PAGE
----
Honey production, which was obtained by adding aroma to starch-based syrups, was banned in February. However, those who benefit from legal gaps continue fraudulent production.
Although the manufacturing of products that give the impression of honey by adding flavours or honey is banned in February, those who benefit from legal gaps continue to mislead the consumer by making fraudulent production.
A gap in the communique…
Özen Altıparmak, President of the Honey and Bee Products along with Healthy Life Platform Association (BALDER), said: “Imitation and adulteration are the leading problems in the honey category. In the Turkish Food Codex Non-Alcoholic Beverages Communiqué, it is said that ‘flavoured syrup cannot be produced by adding honey flavour’. However, the production of honey flavoured syrup continues by using legal gaps, these products are placed in jars.”
Due to its high economic value, honey is in the first place of foodstuffs where imitation and adulteration are most common. Honey-looking products, accepted as fraudulent and obtained by adding aroma to starch-based syrups, were permitted if indicated on the label. However, to eliminate this situation that caused controversy, the Ministry of Agriculture and Forestry banned it by the Turkish Food Codex Regulation published on February 19, 2020.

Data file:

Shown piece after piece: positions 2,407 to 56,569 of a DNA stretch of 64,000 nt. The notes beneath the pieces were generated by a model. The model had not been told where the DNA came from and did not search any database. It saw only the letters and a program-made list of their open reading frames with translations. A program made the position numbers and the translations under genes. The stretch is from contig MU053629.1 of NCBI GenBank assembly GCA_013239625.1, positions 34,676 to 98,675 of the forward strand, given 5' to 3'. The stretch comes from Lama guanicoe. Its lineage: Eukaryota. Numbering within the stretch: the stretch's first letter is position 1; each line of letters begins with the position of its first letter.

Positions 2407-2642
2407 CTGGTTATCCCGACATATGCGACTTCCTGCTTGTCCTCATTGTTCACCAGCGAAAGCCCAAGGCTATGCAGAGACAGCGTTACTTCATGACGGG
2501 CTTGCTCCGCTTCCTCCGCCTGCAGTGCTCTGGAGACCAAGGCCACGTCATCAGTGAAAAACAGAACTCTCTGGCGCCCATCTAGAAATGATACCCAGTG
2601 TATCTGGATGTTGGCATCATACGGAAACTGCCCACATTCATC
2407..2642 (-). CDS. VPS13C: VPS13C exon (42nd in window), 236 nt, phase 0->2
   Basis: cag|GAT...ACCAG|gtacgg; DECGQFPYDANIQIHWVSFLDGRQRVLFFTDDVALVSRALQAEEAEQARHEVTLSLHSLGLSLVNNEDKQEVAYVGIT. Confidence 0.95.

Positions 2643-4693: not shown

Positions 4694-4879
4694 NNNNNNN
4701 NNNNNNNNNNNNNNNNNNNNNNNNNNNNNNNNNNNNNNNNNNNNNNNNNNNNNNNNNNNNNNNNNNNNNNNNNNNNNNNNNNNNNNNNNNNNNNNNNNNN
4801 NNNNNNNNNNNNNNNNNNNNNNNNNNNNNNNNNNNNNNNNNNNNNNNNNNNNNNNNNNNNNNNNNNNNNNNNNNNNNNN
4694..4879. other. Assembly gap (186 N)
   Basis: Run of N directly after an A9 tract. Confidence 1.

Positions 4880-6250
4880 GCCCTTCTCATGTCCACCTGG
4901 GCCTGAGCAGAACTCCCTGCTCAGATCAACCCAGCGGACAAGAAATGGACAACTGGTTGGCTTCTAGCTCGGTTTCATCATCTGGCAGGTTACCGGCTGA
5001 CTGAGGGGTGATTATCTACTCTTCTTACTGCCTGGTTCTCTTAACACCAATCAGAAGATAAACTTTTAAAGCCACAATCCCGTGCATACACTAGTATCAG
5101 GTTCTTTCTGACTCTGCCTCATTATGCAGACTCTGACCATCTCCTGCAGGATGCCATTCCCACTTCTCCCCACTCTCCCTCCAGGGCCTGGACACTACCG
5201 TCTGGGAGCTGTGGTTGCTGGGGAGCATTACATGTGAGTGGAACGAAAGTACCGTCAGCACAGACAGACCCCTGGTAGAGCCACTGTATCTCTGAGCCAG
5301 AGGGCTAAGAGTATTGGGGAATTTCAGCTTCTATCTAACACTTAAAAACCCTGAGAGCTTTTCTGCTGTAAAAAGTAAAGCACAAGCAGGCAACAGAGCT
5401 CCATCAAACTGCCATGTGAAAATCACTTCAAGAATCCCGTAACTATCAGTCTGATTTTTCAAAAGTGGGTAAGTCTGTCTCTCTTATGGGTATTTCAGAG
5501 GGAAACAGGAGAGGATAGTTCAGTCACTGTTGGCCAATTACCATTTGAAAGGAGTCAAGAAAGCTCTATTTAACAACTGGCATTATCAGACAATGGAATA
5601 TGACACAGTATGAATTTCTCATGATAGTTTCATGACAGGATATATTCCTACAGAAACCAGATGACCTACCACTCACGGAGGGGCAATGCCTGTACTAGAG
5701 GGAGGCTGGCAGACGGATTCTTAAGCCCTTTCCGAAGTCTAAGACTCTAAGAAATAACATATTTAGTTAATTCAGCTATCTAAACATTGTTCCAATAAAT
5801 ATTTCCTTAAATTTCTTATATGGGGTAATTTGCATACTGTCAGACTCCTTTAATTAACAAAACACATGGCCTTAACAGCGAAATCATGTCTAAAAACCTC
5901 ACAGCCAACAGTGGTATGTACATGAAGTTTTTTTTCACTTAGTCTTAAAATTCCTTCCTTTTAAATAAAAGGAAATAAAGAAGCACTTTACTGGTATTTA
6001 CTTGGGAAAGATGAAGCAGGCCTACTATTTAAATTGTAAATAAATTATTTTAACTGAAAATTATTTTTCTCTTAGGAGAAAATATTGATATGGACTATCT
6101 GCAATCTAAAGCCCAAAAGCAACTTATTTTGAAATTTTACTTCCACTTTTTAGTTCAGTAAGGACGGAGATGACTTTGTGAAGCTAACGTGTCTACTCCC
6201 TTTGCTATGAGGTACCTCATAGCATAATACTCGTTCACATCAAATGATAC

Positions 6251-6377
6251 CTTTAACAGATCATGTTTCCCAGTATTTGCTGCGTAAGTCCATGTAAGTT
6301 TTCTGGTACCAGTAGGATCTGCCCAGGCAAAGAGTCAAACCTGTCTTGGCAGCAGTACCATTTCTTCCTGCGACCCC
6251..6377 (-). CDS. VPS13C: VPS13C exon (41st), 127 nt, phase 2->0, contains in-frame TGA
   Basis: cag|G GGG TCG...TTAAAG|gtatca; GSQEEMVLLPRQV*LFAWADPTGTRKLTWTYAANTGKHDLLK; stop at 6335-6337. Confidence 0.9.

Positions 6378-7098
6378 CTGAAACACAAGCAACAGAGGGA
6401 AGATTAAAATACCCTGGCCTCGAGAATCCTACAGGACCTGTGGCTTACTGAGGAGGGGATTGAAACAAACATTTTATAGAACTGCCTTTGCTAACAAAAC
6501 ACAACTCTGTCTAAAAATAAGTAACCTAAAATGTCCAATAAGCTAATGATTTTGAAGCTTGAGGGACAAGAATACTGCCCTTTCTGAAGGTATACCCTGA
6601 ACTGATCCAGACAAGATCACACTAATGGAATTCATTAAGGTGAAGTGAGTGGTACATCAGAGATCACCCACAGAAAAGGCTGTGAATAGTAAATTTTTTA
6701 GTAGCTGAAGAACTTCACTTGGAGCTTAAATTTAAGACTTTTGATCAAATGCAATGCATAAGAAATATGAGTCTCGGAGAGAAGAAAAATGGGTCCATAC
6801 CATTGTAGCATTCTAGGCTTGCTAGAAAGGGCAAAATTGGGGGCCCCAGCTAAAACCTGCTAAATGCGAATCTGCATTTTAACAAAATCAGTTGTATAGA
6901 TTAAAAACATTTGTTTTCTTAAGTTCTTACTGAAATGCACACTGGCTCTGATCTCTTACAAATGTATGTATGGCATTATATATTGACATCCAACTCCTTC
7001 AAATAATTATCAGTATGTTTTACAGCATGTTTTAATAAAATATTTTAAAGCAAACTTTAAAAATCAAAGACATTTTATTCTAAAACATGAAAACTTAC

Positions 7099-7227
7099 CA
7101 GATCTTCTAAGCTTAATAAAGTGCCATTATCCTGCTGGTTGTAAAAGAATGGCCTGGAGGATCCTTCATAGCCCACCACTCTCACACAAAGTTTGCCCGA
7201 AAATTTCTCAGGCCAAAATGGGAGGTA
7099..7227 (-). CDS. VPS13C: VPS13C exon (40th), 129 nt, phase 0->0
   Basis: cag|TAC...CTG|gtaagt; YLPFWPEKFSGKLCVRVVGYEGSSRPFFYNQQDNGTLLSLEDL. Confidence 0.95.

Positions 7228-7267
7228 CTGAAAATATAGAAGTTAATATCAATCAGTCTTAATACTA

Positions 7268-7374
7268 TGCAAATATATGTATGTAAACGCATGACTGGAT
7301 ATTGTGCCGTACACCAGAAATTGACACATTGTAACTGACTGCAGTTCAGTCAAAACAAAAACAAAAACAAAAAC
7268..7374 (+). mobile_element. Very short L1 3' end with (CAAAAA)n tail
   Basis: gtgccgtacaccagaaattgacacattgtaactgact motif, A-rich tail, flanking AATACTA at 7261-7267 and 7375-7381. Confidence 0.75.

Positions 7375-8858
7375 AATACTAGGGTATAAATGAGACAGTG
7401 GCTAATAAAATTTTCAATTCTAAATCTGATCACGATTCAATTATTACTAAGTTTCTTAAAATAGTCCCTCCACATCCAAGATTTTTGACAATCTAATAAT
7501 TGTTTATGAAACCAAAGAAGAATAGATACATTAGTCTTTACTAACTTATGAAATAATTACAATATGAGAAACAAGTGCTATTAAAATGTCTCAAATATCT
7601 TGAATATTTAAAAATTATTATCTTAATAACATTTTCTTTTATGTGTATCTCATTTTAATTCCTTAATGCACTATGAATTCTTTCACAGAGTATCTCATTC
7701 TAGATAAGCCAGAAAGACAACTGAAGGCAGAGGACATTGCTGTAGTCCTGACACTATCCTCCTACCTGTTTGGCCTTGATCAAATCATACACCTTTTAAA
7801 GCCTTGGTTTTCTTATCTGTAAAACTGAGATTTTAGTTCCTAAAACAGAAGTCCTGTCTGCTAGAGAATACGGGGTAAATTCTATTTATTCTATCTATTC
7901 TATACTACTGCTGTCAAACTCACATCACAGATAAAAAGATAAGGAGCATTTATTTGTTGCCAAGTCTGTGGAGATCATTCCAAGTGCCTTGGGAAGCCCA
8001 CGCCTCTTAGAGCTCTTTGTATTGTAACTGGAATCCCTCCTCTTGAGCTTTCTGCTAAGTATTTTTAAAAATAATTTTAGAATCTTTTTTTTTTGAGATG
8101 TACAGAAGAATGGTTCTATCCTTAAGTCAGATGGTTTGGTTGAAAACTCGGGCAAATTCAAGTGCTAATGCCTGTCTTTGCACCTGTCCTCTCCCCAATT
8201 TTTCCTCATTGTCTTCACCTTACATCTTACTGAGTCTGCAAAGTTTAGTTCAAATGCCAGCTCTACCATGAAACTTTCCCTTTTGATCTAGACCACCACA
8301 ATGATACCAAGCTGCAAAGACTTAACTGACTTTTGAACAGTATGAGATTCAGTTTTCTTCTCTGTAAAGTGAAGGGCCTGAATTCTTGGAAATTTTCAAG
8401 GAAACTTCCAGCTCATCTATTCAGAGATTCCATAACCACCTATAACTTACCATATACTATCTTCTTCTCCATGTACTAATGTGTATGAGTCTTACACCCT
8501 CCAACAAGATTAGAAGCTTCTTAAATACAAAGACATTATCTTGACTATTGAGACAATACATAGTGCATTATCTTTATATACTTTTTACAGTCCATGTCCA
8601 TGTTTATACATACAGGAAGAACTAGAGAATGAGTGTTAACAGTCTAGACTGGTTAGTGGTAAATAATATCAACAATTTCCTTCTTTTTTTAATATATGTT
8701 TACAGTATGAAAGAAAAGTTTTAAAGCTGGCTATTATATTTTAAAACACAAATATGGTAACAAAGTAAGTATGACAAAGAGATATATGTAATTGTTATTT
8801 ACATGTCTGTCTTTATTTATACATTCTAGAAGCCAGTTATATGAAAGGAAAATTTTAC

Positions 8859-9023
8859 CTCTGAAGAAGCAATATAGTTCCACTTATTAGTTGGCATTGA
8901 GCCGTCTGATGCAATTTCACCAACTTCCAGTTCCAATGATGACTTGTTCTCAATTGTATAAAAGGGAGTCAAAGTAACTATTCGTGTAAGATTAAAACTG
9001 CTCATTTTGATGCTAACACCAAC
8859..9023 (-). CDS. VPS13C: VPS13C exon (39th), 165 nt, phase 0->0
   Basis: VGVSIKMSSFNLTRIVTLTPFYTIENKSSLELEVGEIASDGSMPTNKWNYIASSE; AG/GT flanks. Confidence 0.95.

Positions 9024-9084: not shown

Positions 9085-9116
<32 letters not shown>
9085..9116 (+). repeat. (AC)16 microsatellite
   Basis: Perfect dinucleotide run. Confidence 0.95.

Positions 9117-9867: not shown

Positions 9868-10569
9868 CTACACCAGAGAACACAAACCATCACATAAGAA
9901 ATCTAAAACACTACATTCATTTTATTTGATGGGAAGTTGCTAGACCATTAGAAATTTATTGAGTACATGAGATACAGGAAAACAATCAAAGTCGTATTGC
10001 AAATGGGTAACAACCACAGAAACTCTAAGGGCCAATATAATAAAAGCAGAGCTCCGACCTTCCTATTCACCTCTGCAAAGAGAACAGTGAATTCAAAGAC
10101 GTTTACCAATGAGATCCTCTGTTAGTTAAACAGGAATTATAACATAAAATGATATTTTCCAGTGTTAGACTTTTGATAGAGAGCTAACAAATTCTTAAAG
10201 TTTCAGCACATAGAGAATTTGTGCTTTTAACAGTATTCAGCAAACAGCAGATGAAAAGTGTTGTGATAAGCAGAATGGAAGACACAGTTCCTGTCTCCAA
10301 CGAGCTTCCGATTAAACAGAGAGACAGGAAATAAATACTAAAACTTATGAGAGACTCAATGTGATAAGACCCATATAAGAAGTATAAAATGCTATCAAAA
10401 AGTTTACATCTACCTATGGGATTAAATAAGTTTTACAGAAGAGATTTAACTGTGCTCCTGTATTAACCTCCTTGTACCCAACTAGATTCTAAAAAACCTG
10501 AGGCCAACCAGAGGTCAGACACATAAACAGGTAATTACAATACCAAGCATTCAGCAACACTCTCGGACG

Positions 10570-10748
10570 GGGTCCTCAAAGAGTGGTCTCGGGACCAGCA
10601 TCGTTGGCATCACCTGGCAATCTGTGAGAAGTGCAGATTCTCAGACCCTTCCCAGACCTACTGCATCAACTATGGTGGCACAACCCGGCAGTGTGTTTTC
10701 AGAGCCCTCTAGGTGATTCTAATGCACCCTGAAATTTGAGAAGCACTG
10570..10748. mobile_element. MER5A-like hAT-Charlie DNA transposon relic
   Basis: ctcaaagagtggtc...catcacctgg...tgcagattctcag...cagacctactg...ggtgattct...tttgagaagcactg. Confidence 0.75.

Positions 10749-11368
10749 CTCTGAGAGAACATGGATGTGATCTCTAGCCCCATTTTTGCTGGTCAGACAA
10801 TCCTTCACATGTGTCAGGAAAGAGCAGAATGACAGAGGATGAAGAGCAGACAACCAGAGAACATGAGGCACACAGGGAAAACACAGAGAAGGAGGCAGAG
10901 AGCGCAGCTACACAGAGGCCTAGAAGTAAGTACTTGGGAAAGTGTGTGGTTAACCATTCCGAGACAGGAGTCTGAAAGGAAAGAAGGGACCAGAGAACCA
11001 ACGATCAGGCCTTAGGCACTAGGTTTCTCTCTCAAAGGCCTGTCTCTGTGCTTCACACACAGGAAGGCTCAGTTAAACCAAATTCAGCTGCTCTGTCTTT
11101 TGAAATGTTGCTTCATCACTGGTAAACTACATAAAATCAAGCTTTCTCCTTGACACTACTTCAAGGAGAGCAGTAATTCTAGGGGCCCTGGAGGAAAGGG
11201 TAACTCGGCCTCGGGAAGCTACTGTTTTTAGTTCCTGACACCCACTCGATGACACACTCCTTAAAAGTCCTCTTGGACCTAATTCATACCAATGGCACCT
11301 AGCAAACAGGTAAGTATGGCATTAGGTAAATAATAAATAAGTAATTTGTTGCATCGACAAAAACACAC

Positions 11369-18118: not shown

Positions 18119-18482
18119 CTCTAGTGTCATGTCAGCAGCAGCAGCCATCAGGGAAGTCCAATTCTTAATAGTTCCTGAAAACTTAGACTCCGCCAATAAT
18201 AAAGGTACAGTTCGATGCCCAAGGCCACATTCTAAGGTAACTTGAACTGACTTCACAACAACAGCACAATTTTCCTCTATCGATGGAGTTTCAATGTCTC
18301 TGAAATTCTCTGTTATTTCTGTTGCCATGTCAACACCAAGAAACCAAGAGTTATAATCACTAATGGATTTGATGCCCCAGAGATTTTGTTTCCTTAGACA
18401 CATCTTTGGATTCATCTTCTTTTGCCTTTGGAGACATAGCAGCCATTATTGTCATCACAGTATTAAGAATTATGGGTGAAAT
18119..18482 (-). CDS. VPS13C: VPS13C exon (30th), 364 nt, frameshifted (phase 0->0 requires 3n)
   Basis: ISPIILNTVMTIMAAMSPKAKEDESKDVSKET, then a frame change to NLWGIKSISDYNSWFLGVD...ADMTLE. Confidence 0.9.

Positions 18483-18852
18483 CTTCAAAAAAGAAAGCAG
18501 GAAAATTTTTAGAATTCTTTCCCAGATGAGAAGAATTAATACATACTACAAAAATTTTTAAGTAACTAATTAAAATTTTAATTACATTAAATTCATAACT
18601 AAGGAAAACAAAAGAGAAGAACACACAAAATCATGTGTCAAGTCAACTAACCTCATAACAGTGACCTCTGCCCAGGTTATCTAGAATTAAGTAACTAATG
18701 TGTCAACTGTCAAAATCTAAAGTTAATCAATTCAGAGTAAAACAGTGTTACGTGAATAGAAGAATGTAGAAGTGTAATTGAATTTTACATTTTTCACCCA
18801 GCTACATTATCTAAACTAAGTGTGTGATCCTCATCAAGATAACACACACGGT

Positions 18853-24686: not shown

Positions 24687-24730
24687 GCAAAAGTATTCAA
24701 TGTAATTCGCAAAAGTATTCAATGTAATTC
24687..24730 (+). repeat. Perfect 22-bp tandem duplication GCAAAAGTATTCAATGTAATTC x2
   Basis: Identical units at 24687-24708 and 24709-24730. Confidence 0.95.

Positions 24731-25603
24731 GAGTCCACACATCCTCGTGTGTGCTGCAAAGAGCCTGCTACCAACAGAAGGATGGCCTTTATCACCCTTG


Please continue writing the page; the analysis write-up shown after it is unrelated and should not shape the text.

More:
Strict control required…
Although the cost of these honeys, which deceive the consumer, is low, this difference can be used as rent and sold at exorbitant prices.
Özen Altıparmak, Chairman of the Board of Altıparmak Food, which includes the Balparmak brand, noted, “It is not possible to tell whether these honeys are fake or not and even though their cost is between 5-10 TL, they can sell at low and sometimes high prices. The all-inclusive hotel system, places such as public consumption ones, hospitals, canteens and roadsides can be places where such imitation products are offered for sale. Because the possibility of control is quite troubled.”
Expressing that there has been an average of 15 percent annual increase in honey prices in the last two years, Altıparmak added, “We expect a similar increase in this year.”
By Gamze Bal,